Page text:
Where: VL is the voltage in volts across the inductor, L is the inductance in Henrys, dI is the change in current, and dt is the change in time.
As edge rate increases (dt decreases), VL goes up and points in the opposite direction. With die shrinks, both dI and edge rate (dt) cause an increase in VL, which, in turn, can cause large voltage transients in the power supply leads. For a 208 pin QFP package with max lead inductance = 8.74 nH, assuming dI = 20 mA and dt = 2 ns, for a single-switching IO line switching (1 bit), the voltage across the inductance from the die including the wire bond and the pin is 87 mV. If 10 bits of the IC are changing simultaneously the voltage across the inductor is 870 mV.
The STM32F4 used in the LCD driver PCBA was using a 176 pin LQFP package with an inductance in the range of 7 nH to 10 nH per pin. As was delineated in Part 1 of this article, the ground bounce measured on the STM32F4 MCU was ~780 mV. The STM32F4 datasheet specified dI = 5 mA max per IO line. Thus the inductance per pin from the measured ground bounce value could be calculated. Ideally, the intent was to find a correlation to the measurement if the calculated inductance was close to the inductance numbers that were specified in the datasheet. Assuming dt = 1 ns, using dI = 5 mA and VL equaling 780 mV, the total package inductance was calculated to be 176 nH.
Next, the inductance per pin was approximated by dividing by 24 bits active during the 780 mV measurement noted above.
This correlated to the ~7 nH of 176 pin LQFP package with 24 bits switching for the RGB LCD interface. Unfortunately, in this instance, the LCD manufacturer was not ready to change the IC package. So other solutions had to be considered.
Using Differential Signaling for the Display Interface
As an alternative to the parallel RGB interface originally used, the option was to use a differential signaling interface to the display. Because the logic state changes in the differential circuit are opposite of each other the current that flows from the power supply remains steady. This is one of the more significant advantages of differential signaling over single-ended signaling. Because the magnitude of current flowing through the power leads of the IC package remains constant, there is zero supply and ground bounce of simultaneous switching noise (SSN) across the inductance in the power leads.
As a result of the foregoing, the robotic system was updated with a new LCD display that used a differential signaling interface. A Renesas Synergy microcontroller, with a 176 pin LQFP package (with typical parasitic inductance of ~7nH to 10nH) was used in the LCD driver PCBA. Figure 4 depicts the EMI response of the new LCD display against the original LCD display Rev A that had the ground bounce.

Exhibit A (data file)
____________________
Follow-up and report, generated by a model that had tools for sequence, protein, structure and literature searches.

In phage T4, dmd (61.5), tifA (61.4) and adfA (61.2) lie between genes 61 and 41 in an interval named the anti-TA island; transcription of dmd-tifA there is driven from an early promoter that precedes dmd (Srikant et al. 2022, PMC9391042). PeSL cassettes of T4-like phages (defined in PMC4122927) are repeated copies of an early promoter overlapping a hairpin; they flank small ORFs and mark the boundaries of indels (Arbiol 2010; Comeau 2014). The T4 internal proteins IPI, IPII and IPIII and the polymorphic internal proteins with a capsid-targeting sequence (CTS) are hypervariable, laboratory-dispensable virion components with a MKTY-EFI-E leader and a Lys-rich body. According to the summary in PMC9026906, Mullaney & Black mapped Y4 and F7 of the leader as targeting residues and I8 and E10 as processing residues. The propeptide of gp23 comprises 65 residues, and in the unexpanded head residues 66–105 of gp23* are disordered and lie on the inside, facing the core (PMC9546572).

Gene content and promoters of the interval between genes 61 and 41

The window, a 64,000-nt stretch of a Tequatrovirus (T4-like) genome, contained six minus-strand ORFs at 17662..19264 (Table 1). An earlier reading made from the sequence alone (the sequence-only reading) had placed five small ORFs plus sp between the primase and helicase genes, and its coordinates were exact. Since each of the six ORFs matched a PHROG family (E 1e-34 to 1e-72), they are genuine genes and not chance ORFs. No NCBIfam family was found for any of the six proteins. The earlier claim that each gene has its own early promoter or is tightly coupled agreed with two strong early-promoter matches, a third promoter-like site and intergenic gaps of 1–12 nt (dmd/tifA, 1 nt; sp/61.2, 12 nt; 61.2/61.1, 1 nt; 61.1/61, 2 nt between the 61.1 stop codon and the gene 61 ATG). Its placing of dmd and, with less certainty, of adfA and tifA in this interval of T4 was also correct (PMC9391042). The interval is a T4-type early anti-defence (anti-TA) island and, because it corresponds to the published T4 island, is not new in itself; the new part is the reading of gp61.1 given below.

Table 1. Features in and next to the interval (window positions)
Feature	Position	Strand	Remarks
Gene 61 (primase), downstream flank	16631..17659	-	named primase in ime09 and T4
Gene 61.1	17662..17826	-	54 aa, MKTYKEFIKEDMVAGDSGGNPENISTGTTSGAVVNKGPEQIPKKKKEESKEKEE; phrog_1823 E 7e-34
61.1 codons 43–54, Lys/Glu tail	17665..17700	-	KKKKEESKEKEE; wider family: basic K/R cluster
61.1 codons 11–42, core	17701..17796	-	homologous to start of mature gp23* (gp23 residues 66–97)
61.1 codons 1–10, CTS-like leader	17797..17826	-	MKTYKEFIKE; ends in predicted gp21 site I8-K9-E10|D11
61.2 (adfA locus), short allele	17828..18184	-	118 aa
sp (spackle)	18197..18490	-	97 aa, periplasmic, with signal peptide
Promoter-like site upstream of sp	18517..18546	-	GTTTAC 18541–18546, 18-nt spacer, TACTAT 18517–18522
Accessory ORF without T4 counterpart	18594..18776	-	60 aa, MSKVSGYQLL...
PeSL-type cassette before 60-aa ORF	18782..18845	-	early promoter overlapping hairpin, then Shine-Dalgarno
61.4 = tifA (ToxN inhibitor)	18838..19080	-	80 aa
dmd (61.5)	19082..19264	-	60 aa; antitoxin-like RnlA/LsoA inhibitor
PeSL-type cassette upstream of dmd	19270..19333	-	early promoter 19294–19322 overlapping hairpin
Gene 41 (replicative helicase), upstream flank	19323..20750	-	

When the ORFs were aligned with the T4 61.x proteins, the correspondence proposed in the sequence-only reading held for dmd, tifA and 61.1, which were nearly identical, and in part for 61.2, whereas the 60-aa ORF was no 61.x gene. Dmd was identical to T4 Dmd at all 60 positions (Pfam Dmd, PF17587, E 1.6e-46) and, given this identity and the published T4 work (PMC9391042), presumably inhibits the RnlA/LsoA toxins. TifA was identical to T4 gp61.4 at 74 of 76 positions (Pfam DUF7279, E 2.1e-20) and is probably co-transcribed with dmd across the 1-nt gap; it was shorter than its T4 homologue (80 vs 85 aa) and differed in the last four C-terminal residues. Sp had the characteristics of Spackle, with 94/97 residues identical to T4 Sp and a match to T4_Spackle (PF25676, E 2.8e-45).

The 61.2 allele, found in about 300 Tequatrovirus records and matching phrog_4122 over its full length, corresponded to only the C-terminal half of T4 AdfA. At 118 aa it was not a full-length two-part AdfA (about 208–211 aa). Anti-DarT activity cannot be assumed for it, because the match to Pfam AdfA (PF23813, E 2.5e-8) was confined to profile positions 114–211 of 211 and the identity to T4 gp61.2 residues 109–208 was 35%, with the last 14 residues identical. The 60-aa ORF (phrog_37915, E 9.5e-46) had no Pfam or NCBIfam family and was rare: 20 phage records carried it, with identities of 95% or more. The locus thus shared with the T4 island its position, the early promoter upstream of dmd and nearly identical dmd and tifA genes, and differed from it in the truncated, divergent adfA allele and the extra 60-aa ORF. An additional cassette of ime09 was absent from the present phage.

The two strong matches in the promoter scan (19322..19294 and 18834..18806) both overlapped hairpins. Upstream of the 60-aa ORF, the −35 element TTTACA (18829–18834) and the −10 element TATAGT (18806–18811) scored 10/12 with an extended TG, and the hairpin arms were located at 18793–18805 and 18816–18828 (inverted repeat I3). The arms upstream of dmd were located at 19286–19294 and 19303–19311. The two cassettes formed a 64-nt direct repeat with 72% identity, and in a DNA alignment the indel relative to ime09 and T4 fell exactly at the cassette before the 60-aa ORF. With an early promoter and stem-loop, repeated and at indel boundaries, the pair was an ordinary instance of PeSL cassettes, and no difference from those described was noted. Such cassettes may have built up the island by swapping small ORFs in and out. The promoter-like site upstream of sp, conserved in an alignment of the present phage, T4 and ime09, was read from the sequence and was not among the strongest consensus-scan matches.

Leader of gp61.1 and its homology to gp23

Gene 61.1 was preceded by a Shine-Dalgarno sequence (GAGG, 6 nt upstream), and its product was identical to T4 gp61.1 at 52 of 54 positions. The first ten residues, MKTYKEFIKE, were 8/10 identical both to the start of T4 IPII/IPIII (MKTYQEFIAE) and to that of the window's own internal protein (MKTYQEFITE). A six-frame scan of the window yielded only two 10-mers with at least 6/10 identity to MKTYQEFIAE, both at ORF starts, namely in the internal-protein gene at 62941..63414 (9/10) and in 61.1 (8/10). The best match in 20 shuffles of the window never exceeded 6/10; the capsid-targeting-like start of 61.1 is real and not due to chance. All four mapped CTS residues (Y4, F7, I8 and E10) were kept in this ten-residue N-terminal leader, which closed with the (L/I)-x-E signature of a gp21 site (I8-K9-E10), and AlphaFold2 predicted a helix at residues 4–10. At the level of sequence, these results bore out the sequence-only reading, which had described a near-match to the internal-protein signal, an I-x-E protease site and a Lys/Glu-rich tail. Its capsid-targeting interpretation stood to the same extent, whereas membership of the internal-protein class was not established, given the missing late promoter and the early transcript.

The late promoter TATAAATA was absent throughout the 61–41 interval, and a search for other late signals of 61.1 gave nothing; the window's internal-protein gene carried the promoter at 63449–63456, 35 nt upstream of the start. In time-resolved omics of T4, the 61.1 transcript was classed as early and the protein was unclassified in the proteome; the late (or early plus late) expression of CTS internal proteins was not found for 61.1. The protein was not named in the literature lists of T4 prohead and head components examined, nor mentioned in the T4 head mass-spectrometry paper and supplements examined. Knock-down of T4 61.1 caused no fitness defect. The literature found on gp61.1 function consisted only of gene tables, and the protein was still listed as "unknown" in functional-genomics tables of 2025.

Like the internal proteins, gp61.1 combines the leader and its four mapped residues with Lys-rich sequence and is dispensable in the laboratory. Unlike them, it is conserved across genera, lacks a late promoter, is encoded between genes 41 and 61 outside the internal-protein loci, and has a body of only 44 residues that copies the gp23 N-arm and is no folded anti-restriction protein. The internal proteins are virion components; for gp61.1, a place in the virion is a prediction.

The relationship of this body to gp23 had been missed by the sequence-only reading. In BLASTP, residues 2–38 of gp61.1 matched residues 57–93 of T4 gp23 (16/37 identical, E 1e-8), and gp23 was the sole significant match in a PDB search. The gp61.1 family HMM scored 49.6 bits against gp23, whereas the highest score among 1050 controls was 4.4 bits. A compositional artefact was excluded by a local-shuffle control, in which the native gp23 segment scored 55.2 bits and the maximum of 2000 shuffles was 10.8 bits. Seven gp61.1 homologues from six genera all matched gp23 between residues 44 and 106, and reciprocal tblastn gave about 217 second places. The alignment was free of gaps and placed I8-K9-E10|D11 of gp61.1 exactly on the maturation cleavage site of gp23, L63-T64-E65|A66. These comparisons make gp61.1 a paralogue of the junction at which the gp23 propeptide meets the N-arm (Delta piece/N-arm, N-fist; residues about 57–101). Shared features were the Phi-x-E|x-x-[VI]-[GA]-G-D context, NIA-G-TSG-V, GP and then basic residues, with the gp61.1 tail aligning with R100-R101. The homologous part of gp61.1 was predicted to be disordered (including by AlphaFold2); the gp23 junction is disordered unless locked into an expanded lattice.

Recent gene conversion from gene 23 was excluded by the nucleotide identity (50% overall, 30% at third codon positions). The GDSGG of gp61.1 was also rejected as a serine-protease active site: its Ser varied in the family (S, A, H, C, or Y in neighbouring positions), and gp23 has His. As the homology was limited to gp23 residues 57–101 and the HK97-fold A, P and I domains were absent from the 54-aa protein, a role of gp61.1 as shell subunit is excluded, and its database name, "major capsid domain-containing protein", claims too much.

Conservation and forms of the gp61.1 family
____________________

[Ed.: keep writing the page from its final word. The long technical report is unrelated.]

The LCD Rev A with supply and ground bounce showed multiple noise peaks crossing the CISPR Class B limit (this is the red line in Figure 4). The new LCD display, with differential signals, showed only a few noise peaks were crossing the CISPR Class B limit (shown by the lower red line in Figure 4). There was a ~20dB improvement over the original LCD display Rev A version. With the updated LCD display, the EMI emission peaks were well within the CISPR Class A limit (this is depicted by the upper red line in the image in Figure 4 on the right).
The foregoing demonstrates why differential signaling is a very good way to reduce EMI noise that is generated from supply and ground bounce. It’s true that the two wires, two connector pins, two drivers and two receivers required for differential signaling added extra cost to the design but that cost was small compared to having a major piece of equipment that was not functional.
Now we have a clear understanding of how EMI noise resulting from the ground and supply bounce created by the ICs at the device level can be readily propagated to the PCB onto which those ICs are mounted as well as the system itself. While some benefit can be gained by adding more plane capacitance to the PCB or switching to a lower inductance microcontroller, the inductance that is inherent in the leads of any IC device can be of such a magnitude that additional steps need to be taken. Switching from single-ended signaling to differential signaling can provide a solution that adds a bit more cost to the overall design but ensures that the final product will operate as designed.
- Ritchey, Lee W. and Zasio, John J., “Right The First Time, A Practical Handbook on High-Speed PCB and System Design, Volume 1.” 2. Krishnan, Sunumani and Dannan, Benjamin, “How Ground Bounce Can Ruin Your Day,” Presented at DesignCon 2020.